Whatever demons he harbours about the nature of fame, his profile has brought – and hopefully will continue to bring – the actor new opportunities to rival his past successes, and mention of these lifts the dark clouds immediately. He recently filmed a pilot for a new television series based in New York, while in the UK his face will reappear on our screens this year with ITV’s latest adaptation of Wuthering Heights, in which he plays Edgar Linton, and Moon Shot, a drama commissioned to coincide with the 40th anniversary of the moon landings.  

And those who would rather see the actor in the flesh on a London stage may not have to wait another two years. He tells me he has been talking to Parlour Song director Rickson about doing more theatre this year and maybe even turning his talents to a classical role. Though he feels he has had “a lot of highs” in his career already, he would rather look forward than back. “The lovely thing about acting is you keep learning. It’s constantly evolving, as you are. As you get older you kind of become, hopefully….” He interrupts himself with a laugh and I wonder what facial expressions Toby Jones is sporting during Lincoln’s moment of reflection. “Everything deepens I suppose, your view on life modifies and hopefully your acting would run in tandem with that.” And then the mood is broken, as Lincoln and Jones are whisked back to the Almeida to perfect those tea-snorters.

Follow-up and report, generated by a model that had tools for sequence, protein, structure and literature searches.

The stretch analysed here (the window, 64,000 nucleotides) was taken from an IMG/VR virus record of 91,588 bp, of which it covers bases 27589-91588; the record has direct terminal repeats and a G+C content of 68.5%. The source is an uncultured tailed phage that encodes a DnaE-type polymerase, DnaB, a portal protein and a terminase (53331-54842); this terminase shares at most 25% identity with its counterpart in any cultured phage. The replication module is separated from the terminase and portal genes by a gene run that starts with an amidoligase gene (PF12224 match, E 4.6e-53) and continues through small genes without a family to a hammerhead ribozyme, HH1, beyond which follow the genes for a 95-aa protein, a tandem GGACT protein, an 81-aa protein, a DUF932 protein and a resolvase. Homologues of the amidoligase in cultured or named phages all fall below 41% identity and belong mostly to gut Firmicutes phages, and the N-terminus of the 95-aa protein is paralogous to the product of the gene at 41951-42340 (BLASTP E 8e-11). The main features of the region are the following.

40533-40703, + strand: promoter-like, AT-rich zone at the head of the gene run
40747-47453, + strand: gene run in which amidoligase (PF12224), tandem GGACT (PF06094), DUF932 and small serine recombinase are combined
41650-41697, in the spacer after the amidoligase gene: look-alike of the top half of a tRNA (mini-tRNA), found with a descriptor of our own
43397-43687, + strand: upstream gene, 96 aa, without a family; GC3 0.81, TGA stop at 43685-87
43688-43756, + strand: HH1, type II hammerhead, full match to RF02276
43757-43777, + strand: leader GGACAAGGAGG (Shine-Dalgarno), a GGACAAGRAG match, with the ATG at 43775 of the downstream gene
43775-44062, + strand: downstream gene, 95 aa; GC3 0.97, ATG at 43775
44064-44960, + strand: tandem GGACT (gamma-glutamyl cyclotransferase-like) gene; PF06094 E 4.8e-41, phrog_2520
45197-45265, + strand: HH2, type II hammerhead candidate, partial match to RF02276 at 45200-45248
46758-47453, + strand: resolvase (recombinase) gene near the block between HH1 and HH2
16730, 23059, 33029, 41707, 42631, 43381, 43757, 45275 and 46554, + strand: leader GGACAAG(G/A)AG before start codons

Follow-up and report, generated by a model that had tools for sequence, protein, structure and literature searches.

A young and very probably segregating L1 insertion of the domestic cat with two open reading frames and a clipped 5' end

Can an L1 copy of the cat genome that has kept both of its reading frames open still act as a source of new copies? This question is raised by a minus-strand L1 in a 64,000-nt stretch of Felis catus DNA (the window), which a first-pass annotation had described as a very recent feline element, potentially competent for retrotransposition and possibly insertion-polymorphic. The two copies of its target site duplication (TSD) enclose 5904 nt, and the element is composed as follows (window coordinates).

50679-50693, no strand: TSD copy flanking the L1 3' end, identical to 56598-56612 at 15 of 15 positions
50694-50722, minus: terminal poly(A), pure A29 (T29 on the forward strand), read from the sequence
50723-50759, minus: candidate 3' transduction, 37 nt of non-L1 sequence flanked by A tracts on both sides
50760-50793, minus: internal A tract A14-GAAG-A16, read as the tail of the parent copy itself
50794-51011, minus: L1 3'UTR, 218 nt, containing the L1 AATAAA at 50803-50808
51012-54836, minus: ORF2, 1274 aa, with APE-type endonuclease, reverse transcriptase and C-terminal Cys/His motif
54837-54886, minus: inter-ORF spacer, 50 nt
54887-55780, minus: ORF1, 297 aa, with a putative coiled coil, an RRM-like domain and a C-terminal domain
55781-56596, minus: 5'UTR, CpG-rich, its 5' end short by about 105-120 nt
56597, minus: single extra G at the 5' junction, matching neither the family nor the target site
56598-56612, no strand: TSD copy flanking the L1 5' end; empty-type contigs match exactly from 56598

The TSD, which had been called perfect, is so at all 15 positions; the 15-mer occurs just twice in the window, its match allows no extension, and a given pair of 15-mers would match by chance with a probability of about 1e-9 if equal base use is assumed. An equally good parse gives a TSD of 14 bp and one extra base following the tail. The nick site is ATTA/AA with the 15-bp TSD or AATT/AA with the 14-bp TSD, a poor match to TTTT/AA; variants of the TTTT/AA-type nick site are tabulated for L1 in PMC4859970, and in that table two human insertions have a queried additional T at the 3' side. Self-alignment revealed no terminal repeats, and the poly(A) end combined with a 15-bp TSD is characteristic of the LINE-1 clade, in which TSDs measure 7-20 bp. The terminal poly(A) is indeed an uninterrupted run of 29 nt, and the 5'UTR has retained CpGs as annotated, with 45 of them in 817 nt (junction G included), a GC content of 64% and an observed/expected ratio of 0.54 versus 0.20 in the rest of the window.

CB